The taxpayers in this case were issued a 1099-R showing a gross distribution of $196,230 and a taxable amount of $109,567. The non-taxable difference of $86,663 was the taxpayers’ investment in the policy – premiums paid. None of the information was included on the taxpayers’ return. The taxpayers eventually amended their return and included as income the amount of $16,885 which represented the difference between the loan principal amount borrowed of $103,548 and the amount of premiums paid of $86,663. Ultimately, the IRS disagreed with the taxpayers’ representation of the tax consequences of the life insurance policy termination.
The primary issue in the case then centered around whether or not the capitalized interest from the outstanding policy loans should be included in income. The Court explained that the money borrowed from the policy was a true loan with the policy used as collateral. There were no income tax consequences on distribution of loan proceeds from the insurance company to the taxpayers. Further, the Court explained that this is true of any loan as the taxpayers’ were obligated to re-pay the insurance company the debt owed.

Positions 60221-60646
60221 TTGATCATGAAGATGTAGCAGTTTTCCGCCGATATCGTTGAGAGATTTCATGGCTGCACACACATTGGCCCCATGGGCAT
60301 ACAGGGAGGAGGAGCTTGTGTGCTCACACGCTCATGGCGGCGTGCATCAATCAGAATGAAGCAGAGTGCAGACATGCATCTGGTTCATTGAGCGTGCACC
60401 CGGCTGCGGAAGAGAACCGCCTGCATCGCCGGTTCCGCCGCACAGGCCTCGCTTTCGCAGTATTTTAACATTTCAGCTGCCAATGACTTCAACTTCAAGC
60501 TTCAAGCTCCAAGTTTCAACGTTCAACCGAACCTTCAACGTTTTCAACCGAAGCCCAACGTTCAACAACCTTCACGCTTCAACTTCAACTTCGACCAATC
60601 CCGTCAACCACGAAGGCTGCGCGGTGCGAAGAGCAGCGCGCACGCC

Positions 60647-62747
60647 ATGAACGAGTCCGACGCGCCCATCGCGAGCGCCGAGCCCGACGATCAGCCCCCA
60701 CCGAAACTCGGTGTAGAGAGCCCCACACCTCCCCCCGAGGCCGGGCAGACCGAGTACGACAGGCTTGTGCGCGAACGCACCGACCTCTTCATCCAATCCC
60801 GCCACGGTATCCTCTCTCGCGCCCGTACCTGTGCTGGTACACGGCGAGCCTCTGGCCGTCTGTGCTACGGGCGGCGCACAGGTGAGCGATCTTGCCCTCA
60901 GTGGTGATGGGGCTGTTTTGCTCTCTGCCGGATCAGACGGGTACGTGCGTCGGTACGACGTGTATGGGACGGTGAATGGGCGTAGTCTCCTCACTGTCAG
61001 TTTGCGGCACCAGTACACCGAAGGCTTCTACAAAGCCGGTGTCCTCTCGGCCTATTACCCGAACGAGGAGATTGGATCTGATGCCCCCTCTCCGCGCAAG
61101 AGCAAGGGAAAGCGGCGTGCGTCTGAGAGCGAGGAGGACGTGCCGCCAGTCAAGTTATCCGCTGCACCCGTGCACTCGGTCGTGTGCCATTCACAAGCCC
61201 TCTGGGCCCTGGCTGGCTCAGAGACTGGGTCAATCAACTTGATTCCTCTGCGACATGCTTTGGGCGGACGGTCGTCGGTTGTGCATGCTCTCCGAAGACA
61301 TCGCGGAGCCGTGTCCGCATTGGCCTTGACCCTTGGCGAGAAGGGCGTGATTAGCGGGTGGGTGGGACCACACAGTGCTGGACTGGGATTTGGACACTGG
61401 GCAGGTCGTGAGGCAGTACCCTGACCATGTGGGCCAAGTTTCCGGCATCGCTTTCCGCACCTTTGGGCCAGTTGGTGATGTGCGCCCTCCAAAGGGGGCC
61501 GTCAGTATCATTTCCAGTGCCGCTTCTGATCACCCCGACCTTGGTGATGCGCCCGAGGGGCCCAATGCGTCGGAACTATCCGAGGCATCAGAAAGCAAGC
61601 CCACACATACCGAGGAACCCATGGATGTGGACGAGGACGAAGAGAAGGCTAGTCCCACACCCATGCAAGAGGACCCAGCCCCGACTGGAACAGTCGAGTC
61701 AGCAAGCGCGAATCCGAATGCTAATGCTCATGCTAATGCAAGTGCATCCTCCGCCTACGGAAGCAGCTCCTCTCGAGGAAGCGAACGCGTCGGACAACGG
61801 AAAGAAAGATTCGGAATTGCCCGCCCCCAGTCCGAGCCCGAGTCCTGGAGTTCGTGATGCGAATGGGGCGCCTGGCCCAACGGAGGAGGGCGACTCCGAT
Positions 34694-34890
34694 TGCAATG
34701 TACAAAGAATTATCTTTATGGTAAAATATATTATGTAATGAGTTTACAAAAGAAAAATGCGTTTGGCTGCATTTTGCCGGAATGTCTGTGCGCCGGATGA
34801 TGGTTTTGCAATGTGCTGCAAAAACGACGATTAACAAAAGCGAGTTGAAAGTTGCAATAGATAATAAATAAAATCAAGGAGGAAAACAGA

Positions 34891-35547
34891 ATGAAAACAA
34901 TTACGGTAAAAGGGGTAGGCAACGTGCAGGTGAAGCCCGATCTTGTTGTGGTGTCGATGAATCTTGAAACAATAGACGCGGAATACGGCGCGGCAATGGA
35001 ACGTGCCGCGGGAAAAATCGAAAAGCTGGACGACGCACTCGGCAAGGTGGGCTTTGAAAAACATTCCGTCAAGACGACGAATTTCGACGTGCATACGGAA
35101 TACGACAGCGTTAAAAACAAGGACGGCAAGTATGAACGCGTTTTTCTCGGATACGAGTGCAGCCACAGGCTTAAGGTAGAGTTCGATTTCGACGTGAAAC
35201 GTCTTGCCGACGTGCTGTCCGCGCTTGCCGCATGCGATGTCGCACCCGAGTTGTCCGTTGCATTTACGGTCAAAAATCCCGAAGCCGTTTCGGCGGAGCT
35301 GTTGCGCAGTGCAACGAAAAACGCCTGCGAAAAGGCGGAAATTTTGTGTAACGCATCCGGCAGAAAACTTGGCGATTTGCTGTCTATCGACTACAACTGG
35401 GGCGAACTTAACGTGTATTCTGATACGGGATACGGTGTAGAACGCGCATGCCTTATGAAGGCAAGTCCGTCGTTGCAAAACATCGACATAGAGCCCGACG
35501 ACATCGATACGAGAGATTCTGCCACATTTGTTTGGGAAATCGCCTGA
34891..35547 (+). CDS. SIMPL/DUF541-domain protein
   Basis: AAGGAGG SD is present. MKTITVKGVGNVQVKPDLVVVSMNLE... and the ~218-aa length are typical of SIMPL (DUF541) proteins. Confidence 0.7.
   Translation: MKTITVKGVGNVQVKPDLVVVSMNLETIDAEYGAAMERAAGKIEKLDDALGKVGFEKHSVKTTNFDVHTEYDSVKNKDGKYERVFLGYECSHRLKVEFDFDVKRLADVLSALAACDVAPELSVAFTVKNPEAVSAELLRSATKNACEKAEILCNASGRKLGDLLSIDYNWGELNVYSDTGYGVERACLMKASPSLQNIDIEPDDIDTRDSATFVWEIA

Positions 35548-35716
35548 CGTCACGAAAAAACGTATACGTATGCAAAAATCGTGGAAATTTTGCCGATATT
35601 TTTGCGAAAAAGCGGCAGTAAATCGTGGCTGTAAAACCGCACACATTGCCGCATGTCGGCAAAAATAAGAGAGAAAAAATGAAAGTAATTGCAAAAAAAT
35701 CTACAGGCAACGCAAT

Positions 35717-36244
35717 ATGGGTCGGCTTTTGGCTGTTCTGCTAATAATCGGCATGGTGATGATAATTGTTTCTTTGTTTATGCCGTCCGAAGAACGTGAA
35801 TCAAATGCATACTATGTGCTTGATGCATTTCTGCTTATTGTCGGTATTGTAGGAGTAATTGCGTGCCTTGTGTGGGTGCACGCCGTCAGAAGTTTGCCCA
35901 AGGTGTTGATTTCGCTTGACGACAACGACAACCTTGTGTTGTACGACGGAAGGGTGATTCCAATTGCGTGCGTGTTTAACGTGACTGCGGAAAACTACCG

The Court explained that when a policy is terminated then the loan is treated as if the proceeds were paid out to the taxpayers and the taxpayers then retired the outstanding loan by paying it back to the insurance company. The Internal Revenue Code provides that proceeds paid from an insurance company, when not part of an annuity, are generally taxable income for payments in excess of the total investment. The insurance policy at issue treated the capitalized interest as principal on the loan. Therefore, when the policy is terminated, the loan, including capitalized interest, is charged against the proceeds and the remainder is income. This outcome makes sense or else the return on investment inside of the policy would never be taxed.
The taxpayers ended up with a large tax bill and a tough pill to swallow. Ultimately, the result is logical in the context of capturing deferred income tax consequences. Clearly, it would have been beneficial for the taxpayers to have consulted with counsel prior to preparing their tax return in order to avoid an unwelcome tax bill, penalties and interest.
Should you have transactions that you are unsure of when it comes to their income tax consequences, feel free to contact our office. If you find yourself in receipt of an adjustment to your tax return based on exam action that you disagree with, or an assessment has been made and you have simply decided you were incorrect in your analysis, call us, we can help.